Celebrating 10 Years of Circa Survive’s ‘Juturna’

juturna

People sometimes ask me what my musical evolution was, and my general answer is that, before anything else, Circa Survive got me into independent music. Before hearing their debut Juturna, which turned ten years old on Sunday, I’m pretty sure I only listened to Linkin Park and that one Three Days Grace song. At some point in elementary school, I started spending after-school hours at my neighbor Julian’s house. His brother Jeffrey was always holed up in his room blaring music, and more often than not, he’d be listening to Juturna. I didn’t know it immediately back then, but when I finally found out that name — Circa Survive — I was hooked.

That day, I went to YouTube and clicked on the first result with a song title, “circa survive act appalled.” This is where it starts. A year or two later, my brother would cover this song at an acoustic show and dedicate it to me. Half a year after that, he’d tell me he’s never been one to focus much on lyrics, but those of Anthony Green were an exception. I had to agree: Circa Survive was the first band I’d ever heard who was so mystic, imaginative and multifaceted, both lyrically and instrumentally. I was so enthralled by lyrics and meaning in those days that I’d spend hours at a time reading SongMeanings comments, trying to demystify Green’s just off-base, particularly indistinct lyricism. Of the many lines I can single out from the safest and most conventional song on Juturna, “Act Appalled,” the ending lyrics before the final chorus seem the most appropriate, relevant even, now: “Both we and our words are overproduced by influence.”

And so began an intimate love for one of independent music’s most influential and standout bands. Looking back to Juturna after ten years proves its lasting power and influence. So many bands that came after attempted to emulate Circa’s effects-laden, atmospheric and psychedelic brand of progressive, almost theatrical indie rock ten years after their debut record, yet none can even come close to the standard that it laid.

Juturna was released on April 19, 2005 on Equal Vision Records to average scores that made sure to praise Green’s vocals, like everyone expected, and lament the fact that Circa did not pick up where Saosin left off, like everyone expected. AbsolutePunk’s Scott Weber gave the record an 80%, remarking “…they have a ton of talent, but this album is just a lackluster effort from a band that is capable of much more.” He later made an edit to his review that rescinded a fair amount of his criticism: where he previously lamented certain, more free-flowing and expansive tracks to be “lazy” and “loosely defined,” he revokes his certainty with, “I later fell in love with this record and found the spacey music to be beautiful.”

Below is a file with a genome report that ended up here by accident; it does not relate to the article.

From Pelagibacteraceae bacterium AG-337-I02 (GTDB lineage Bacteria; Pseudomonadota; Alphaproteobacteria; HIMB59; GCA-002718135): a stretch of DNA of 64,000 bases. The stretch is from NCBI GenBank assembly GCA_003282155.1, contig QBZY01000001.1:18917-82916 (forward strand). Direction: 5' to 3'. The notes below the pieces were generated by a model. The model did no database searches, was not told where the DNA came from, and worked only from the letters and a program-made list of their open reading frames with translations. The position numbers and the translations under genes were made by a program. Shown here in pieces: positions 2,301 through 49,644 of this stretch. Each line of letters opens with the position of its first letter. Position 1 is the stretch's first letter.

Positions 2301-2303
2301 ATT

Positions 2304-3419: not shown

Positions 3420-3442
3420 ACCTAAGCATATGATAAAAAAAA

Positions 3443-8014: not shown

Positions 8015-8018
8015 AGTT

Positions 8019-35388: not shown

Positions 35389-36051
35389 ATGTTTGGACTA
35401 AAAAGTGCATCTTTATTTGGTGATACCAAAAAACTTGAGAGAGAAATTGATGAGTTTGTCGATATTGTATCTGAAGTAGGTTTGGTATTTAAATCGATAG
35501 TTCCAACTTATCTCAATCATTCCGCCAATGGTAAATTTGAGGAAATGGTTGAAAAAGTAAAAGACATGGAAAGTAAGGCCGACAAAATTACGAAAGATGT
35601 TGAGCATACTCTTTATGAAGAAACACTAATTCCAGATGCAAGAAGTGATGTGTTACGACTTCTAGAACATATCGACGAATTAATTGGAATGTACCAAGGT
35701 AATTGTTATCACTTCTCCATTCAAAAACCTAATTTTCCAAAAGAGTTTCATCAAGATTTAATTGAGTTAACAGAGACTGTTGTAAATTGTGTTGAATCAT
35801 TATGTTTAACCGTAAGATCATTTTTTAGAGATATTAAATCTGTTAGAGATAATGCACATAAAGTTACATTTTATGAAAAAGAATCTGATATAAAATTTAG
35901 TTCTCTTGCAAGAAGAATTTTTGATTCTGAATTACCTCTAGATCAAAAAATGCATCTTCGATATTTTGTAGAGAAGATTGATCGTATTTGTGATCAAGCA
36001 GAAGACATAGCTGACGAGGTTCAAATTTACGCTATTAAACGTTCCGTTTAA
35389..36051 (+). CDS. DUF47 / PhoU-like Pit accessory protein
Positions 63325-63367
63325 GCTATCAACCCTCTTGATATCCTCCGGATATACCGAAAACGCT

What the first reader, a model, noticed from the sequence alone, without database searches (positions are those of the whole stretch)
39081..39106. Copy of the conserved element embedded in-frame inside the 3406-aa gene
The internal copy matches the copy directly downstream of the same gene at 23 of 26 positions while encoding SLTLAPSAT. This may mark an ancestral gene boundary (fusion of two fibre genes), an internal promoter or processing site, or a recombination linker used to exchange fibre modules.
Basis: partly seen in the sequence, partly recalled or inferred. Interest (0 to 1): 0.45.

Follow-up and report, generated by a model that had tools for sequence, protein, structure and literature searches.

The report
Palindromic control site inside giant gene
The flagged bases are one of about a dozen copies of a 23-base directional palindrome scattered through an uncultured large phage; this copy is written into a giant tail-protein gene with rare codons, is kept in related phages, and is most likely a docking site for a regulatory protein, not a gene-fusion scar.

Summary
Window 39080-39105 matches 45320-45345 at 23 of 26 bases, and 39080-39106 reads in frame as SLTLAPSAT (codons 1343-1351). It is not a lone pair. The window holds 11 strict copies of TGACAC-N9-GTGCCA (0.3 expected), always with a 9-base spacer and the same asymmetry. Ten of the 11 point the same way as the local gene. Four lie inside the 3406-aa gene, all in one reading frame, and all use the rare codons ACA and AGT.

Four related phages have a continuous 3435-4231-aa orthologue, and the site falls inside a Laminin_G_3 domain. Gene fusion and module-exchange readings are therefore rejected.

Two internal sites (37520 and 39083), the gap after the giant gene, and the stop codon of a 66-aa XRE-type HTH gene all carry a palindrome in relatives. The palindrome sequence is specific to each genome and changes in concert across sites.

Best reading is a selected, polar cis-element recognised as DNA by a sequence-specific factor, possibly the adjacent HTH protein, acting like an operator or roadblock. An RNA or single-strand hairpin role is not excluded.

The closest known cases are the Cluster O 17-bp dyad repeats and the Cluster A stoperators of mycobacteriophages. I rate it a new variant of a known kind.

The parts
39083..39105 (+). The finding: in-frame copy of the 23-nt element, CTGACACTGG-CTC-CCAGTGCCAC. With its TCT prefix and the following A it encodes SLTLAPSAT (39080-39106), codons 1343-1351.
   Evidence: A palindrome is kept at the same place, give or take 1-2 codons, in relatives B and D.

The growing pains of a band too ahead of its time?

Perhaps so. Each song on Juturna effectively turns Circa in a new direction. Generally more comprised of ambience as the 53-minute record progresses, the band throws you for a whirl as the almost gloomy, melodic framework of “We’re All Thieves” transitions into the pummeling opening riff of “Oh, Hello” before Green lets out a shriek: “Didn’t I know you, mystery man?”

Are there any lyrics that sum up the essence of Juturna than those of “Oh, Hello?” The straightforward sociological-panic shown in the opening line and others such as “A stranger’s just someone that you’ve forgotten. How will we know if we’ve met before or done this dance, mystery man?” shows Green’s thought process following a philosophical yet logical progression: in On Letting Go, the 2007 follow-up to Juturna, shows Green no longer in a sort of existential crisis, but in an outright denial of his former God. A narrative reveals itself beneath the band’s rather unorthodox nature.

I’ll say it: Circa Survive changed my life. I would not be where I am without having heard bits and pieces of Juturna through a bedroom door or memorizing that goddamn chorus from “Act Appalled.” I’ve grown a lot since first hearing Juturna, but if there’s anything that Juturna left in me, as a music listener way before I ever delved into the hectic world of music journalism, it is that music should challenge the listener, and leave it to Circa Survive to be the band that keeps on challenging, unrelentingly, and in that same vein, always impressing.

Editorial written by Mark Garza

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